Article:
Slowest x86 instruction

    Everyone knows and loves the x86 assembler. Most of its instructions are executed by a modern processor in units or fractions of nanoseconds. Some operations that are decoded into a long sequence of microcode, or awaiting access to memory, can take much longer - up to hundreds of nanoseconds. This post is about champions. A hit parade of four instructions under the cut, but for those who are too lazy to read the whole text, I will write here that the main villain is [memory] ++ under certain conditions.


    The CPAP is taken from a document by Agner Fogh, which, along with two documents from Intel (optimization guide and architecture software development manual) contain a lot of useful and interesting topics.

    To begin with, there are commands that are expected to execute within microseconds. For example, IN, OUT or RSM (return from SMM). VMEXIT has accelerated dramatically in recent years, and fractions of a microsecond last on new processors. There is MWAIT, which by definition is executed as long as possible. In general, in ring 0 there are many "heavy" instructions, all consisting of microcode - WRMSR, CPUID, setting control registers, etc. The examples that I will give below can be executed with the privileges of ring 3, that is, in any regular program. Even programming in C is not necessary - the virtual machines of some popular languages ​​are able to generate code containing these operations. These are not some special processor commands, but ordinary instructions, sometimes in special conditions.

    Since they take a long time to execute, any sane profiler will detect them with a regular time profile, unless, of course, they are found in a rather "hot" code. There are still separate performance counters (PMU registers) that respond exclusively to such cases, with their help you can find these operations in a large program, even if they do not take a lot of absolute time (just why?). The most popular tools for this are Vtune and Linux perf. You can also use PCM , but it will not show where the instruction is located.

    Villain number four.The x86 command (actually x87), which can execute almost 700 clock cycles, is FYl2X. Computes the binary logarithm multiplied by the second operand. There is no analogue in SSE, therefore it is still found in nature. There is no special counter.

    Villain number three. Perhaps a bit artificial example, but used often. Fortunately, mostly in drivers.
    Team MFENCE (or its subsets - LFENCE, SFENCE. By the way, LFENCE + SFENCE! = MFENCE). If a long operation with memory or PCIe write was performed before MFENCE, for example, an operation with non-temporal (MOVNTI, MOVNTPS, MASKMOVDQU, etc.) or with an operand located in write through / write combined memory area, then the “fence” itself will take almost a microsecond or longer. A performance counter exists for this situation, but it’s not in the processor core, but in “uncore”, it is easier to work with it through PCM.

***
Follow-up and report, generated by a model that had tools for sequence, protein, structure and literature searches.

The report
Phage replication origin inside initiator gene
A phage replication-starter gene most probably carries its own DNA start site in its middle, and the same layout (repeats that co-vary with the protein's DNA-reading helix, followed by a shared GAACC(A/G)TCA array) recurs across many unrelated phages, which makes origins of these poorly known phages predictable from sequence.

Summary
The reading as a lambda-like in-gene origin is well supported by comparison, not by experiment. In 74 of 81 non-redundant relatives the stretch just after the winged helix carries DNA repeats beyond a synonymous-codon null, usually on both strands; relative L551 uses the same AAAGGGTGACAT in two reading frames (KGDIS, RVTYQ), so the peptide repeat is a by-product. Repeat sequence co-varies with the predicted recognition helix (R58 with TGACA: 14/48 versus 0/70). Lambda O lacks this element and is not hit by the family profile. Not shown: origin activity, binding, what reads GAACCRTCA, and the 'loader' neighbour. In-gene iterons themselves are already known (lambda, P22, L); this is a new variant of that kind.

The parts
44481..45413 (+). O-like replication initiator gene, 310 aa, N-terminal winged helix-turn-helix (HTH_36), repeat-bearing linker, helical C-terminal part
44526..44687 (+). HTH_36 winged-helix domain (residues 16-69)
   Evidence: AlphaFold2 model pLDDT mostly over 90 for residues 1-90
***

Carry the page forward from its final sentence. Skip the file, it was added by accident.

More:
Villain number two. Here is a very simple code.
    double fptest = 3000000000.0f; // Same with float.
    // TSC1
    int inttest = 2 + fptest;
    // TSC2
    time = TSC2 - TSC1;

    What do you think will be approximately equal to time? (It doesn't matter if this code compiles to x87 or scalar SSE). This single instruction will be executed in 1-2 microseconds. This is the so-called denormal operation, a special case handled by a long sequence of microcode. Caught easily, PMU register - performance counter called FP_ASSIST.ALL. By the way, it is quite obvious that measuring the TSC difference when executing one (or even several dozen) instructions is almost always pointless. This case is an exception, we measure a long microcode.

    The main villain.
    static unsigned char array [128];
    for (int i = 0; i <64; i ++) if ((int) (array + i)% 64 == 63) break;
    lock = (unsigned int *) (array + i);
    for (i = 0; i <1024; i ++) * (lock) ++; // prime
    // TSC1
       asm volatile (
        "lock xaddl% 1, (% 0) \ n"
        : // no output
        : "r" (lock), "r" (1));
       // or in Windows, just InterlockedIncrement (lock);
    // TSC2
    time = TSC2 - TSC1;

    Well and a bonus - unlike other participants of the hit parade, this code will make all other kernels also stop for a smoke break for a period of several thousand measures.
    This is also caught using Vtune, perf, PCM, etc. using the counter LOCK_CYCLES.SPLIT_LOCK_UC_LOCK_DURATION. An example may seem far-fetched, but over the past year I have encountered this problem with my clients twice. In one of the cases, LOCK_CYCLES.SPLIT_LOCK_UC_LOCK_DURATION went off scale when initializing a huge program written in .net. I didn’t figure it out then, the runtime or the client code located the mutex so unsuccessfully, but the performance drained seriously - another, independent program running on a different kernel slowed down thirty times.

    Does anyone know an even slower instruction? (REP MOV not to offer).

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